Joel Tenenbaum Must Pay $675,000 For 31 Songs
Long Trial Ends With Reinstatement of Original Fine
The Joel Tenenbaum P2P trial has been stumbling around since 2005, when the former Boston University student was first accused of downloading thirty-one copyrighted songs
without paying for them. Tenenbaum's lawyers successfully argued that his original fines were excessive. The Judge at the time agreed, lowering the fine to $67,500, or $2,177 per song -- though the recording industry appealed to the higher courts. Thanks to that appeal, and a refusal by the Supreme Court, the original fine has been reinstated.
A federal court in Massachusetts last week upheld a $675,000 fine Tenenbaum is being forced to pay for his P2P usage, meaning he'll be paying a whopping $21,774 for every song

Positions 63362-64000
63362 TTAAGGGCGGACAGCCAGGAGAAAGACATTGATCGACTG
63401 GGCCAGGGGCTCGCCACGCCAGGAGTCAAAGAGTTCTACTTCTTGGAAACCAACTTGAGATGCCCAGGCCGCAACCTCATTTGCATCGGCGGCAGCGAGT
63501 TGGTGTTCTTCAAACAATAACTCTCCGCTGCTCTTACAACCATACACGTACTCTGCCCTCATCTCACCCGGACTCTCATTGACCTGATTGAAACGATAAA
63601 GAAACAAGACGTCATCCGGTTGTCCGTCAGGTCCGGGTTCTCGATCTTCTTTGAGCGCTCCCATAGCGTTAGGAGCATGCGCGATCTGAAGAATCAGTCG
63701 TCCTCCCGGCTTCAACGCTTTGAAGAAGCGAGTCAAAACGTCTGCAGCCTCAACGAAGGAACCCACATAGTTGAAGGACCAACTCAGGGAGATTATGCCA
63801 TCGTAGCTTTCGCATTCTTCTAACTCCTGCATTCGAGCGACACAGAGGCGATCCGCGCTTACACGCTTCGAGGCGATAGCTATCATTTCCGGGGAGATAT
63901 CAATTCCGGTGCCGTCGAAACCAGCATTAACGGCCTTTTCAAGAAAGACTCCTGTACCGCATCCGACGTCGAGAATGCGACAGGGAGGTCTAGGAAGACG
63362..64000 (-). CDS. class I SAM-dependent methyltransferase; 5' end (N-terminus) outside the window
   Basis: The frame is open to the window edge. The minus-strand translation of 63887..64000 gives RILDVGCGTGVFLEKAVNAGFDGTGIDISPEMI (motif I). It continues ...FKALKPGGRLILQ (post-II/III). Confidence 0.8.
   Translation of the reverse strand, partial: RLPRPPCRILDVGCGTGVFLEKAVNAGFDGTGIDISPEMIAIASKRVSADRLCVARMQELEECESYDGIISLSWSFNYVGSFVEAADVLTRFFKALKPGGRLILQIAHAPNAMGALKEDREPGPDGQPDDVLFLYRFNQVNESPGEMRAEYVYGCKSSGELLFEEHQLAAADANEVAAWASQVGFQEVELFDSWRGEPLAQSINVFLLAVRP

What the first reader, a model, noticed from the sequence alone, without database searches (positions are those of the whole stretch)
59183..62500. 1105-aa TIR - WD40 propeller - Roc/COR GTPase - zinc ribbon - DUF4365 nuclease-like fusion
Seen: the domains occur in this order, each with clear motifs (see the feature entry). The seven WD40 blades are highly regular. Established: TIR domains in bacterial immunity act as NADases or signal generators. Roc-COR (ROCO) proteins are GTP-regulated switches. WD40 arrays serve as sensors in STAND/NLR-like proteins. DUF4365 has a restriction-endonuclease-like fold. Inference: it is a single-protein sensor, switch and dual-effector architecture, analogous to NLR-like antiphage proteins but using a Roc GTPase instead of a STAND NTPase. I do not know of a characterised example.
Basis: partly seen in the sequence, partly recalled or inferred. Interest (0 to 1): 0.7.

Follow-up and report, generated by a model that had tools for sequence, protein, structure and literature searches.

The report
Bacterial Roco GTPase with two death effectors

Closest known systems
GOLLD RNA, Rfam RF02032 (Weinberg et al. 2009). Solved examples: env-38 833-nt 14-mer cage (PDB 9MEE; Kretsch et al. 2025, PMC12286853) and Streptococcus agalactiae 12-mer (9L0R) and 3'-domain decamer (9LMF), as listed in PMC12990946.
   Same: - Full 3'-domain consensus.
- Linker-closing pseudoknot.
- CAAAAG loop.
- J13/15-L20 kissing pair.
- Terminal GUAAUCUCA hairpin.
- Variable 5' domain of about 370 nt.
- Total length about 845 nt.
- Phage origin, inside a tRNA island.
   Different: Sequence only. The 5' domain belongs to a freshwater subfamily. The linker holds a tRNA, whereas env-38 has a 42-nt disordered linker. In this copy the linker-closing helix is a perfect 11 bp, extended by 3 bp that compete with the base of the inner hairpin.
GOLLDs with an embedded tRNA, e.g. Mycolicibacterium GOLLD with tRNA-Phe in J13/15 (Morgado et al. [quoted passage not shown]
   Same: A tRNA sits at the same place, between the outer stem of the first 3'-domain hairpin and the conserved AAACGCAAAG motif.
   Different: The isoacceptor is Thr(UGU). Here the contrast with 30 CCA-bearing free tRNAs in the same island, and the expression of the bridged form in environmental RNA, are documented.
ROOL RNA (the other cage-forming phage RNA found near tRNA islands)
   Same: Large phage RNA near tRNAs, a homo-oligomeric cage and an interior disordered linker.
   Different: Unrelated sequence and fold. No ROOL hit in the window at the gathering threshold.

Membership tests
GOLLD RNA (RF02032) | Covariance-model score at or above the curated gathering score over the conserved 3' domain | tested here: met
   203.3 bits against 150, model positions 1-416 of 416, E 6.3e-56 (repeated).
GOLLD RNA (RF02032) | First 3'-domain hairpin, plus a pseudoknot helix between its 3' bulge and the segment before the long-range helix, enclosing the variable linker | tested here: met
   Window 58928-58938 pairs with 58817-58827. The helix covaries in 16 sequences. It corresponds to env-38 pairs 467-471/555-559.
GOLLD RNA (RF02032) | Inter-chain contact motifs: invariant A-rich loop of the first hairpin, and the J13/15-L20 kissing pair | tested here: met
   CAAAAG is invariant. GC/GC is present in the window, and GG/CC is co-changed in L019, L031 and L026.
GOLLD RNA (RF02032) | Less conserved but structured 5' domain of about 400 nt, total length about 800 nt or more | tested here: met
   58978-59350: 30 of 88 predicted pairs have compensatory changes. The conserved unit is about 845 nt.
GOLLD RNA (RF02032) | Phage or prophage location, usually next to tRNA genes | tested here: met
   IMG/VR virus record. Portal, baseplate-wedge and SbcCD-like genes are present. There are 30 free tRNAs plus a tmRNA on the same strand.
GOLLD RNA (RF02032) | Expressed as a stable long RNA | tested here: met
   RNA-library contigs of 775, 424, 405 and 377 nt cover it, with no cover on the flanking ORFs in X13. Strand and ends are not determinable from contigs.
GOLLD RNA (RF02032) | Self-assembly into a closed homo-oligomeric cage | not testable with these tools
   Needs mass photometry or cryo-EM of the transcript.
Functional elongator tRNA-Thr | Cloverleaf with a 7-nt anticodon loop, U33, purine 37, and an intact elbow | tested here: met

U.S. District Court Judge Rya W. Zobel rejected Tenenbaum's request for a new jury trial, saying jurors had appropriately considered the evidence of Tenenbaum's actions -- downloading and distributing files for two years despite warnings -- and the harm to the plaintiffs. The penalty is at the low end of the range for willful infringement and below the limit for even nonwillful infringement, and thus was not excessive, the judge ruled.
Of course nobody really wins here. Tenenbaum won't be able to pay, and the RIAA's tactics of trying to scare everyone into avoiding copyrighted files has never worked as continual piracy rates make very clear. In fact, the effort backfires for the RIAA -- in that the amount owed is so disconnected from reality that people wind up seeing copyright law as even more bizarre and undeserving of respect. Tenenbaum certainly shares plenty of blame for lying to the courts and a Keystone-cops-esque legal team, but that certainly doesn't make paying $675,000 for thirty one songs reasonable -- or Constitutional